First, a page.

Creating an expected points (xP) calculator for Football matches

Expected points (xP), like expected goals (xG), attempts to put into context how likely certain events are to happen. For xG, this is the likelihood of a goal being scored from a certain shot. As for xP, this calculates the likelihood of each result (based on the shots in the match and their xG) and the number of points each team could expect on average to win given their xG performance.

Using xG to analyse how ‘fair’ a result was has become increasingly more common within the footballing world. By calculating xP you can more insight into a teams performance from game-to-game than just viewing their xG-difference. You can create an xP table (sometimes called a ‘justice table’) to see how many points each team could expect to have gained based on their accumulated xG in each game they have played.

Actual vs Expected points in the premier league on 05/01/20 (From @xGPhilosophy on Twitter)

Calculating xP in this basic model is not a complex task. You take all the shots within the game and simulate them to get the number of goals each team scored within this particular simulation of the game (which will then give you the result). After performing this over a significant number of simulations (whilst keeping track of all the results) you can calculate the proportion of times that team 1 wins, team 2 wins or the teams draw. From this, you can work out the xP by finding the number of points each team would achieve on average from these simulations.

I coded this in python, where I ask the user for inputs for xG values for each team. They can input until all the shot values are entered where a blank input will quit the loop and continue the code. If an input is entered, the program will check if it is valid. A valid input, in this case, is a number that is between 0 and 1. This is because xG is a probability of a shot resulting in a goal. If the input is valid, the xG value is added to a list for that team that contains each shots xG value. This process is repeated for the other team, ‘Team 2’.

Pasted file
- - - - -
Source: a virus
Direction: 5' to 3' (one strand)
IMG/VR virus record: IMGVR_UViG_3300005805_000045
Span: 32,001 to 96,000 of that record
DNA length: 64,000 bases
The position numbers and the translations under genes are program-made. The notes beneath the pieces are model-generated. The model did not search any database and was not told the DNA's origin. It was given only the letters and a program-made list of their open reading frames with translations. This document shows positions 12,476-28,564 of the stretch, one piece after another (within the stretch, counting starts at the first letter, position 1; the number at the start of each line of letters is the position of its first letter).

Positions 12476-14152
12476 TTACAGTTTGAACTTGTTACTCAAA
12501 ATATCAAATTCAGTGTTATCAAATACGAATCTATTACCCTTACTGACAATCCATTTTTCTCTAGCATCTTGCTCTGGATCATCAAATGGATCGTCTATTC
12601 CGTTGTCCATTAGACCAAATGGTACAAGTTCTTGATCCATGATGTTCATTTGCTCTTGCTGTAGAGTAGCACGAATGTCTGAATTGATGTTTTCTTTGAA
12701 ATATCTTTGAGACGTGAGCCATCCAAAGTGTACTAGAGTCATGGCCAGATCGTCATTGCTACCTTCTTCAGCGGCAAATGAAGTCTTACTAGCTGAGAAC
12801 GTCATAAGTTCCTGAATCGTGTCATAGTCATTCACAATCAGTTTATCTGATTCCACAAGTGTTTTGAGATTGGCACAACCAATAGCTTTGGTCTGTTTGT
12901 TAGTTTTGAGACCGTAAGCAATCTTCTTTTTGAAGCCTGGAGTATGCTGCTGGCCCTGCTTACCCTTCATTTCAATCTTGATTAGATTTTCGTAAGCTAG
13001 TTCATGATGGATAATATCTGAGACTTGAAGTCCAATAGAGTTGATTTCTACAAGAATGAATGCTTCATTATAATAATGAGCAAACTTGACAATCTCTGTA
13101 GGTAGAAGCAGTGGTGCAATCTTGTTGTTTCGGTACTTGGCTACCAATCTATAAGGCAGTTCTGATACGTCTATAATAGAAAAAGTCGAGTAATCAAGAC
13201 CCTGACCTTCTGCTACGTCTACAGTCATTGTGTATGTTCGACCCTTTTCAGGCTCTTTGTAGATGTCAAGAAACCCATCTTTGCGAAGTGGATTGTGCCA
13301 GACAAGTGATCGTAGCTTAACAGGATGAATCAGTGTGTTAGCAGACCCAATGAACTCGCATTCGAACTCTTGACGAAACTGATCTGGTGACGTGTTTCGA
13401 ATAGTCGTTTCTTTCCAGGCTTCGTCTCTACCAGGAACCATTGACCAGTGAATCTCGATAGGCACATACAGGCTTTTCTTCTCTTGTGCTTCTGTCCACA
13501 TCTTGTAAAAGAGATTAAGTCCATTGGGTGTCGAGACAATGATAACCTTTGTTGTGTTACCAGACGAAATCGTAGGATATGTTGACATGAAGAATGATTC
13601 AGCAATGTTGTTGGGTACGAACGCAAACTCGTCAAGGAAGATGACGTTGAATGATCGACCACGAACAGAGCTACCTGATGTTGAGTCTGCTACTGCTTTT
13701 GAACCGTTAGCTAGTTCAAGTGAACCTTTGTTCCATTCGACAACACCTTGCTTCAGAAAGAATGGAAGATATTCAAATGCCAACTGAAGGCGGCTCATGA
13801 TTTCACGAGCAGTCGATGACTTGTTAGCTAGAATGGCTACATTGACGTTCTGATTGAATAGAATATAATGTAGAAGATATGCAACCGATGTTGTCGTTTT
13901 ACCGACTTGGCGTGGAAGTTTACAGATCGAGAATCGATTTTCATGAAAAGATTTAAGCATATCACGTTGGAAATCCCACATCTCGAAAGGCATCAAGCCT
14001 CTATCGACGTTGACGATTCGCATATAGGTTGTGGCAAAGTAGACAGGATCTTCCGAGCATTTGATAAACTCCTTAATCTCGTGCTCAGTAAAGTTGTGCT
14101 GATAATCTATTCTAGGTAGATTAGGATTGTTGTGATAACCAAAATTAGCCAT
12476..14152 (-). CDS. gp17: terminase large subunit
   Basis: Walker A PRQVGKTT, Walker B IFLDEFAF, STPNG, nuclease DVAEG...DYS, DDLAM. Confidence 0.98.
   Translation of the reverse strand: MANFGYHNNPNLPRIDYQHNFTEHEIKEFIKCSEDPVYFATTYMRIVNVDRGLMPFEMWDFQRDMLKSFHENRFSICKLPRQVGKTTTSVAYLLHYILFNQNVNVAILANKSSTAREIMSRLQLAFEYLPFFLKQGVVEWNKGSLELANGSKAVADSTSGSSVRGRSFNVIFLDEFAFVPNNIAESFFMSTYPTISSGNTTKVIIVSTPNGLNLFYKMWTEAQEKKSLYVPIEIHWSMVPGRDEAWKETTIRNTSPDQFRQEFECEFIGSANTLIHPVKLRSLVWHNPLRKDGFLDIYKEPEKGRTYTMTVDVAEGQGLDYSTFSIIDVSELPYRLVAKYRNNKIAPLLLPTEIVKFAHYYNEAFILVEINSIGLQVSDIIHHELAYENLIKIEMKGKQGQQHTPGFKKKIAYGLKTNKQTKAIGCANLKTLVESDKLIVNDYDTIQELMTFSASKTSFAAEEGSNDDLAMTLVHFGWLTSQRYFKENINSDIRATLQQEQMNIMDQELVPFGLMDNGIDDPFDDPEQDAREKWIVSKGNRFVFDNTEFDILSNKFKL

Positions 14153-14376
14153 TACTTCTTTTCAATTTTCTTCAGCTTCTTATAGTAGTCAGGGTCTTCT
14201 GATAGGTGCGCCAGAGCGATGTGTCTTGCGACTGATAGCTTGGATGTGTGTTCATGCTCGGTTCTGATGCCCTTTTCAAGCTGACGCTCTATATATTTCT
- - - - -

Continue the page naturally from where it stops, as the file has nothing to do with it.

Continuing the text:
Code for taking user input for xG values per shot per team.

After this, the user is prompted to input the number of simulations that they want the program to perform. The higher the number of simulations, the closer the program gets to the ‘true’ values. I found that 10,000 simulations gives a fairly accurate prediction calculation whilst keeping runtime to a minimum. This input obviously needs to be an integer so the program checks for this.

Code for taking user input for the number of simulations to complete.

The step after this is to simulate the games. We do this n times (where n is the number inputted in the previous step) and during each simulation, each shot is simulated to see if it resulted in a goal. This is performed using the random module in python. For example, imagine simulating a shot with an xG of 0.2. A random number generated between 0 and 1 will give a number below 0.2 20% of the time and above 0.2 (or equal to due to how the random module works) 80% of the time. By checking this randomly generated number compared to the xG value for the shot we can see if the shot was predicted to be in. If the randomly generated number was less than the xG value then the shot was deemed to be scored. If it is higher then it is not scored. In this example, the shot with 0.2 xG will have a random number generate that is lowered than it 20% of the time, which accurately represents this shots’ xG.

Once all the shots have been simulated, the number of goals scored by each team can be compared and the obvious logic is used to check the result.

Code for simulating the shots in each game within the simulation.

All that remains now is to present the data. We can work out the number of points each team achieved during the simulation by multiplying the number of wins they got by 3 and adding the number of draws. I decided to utilise the pandas module to create data frames to store the data in. This enables the data to be displayed easily within a table format.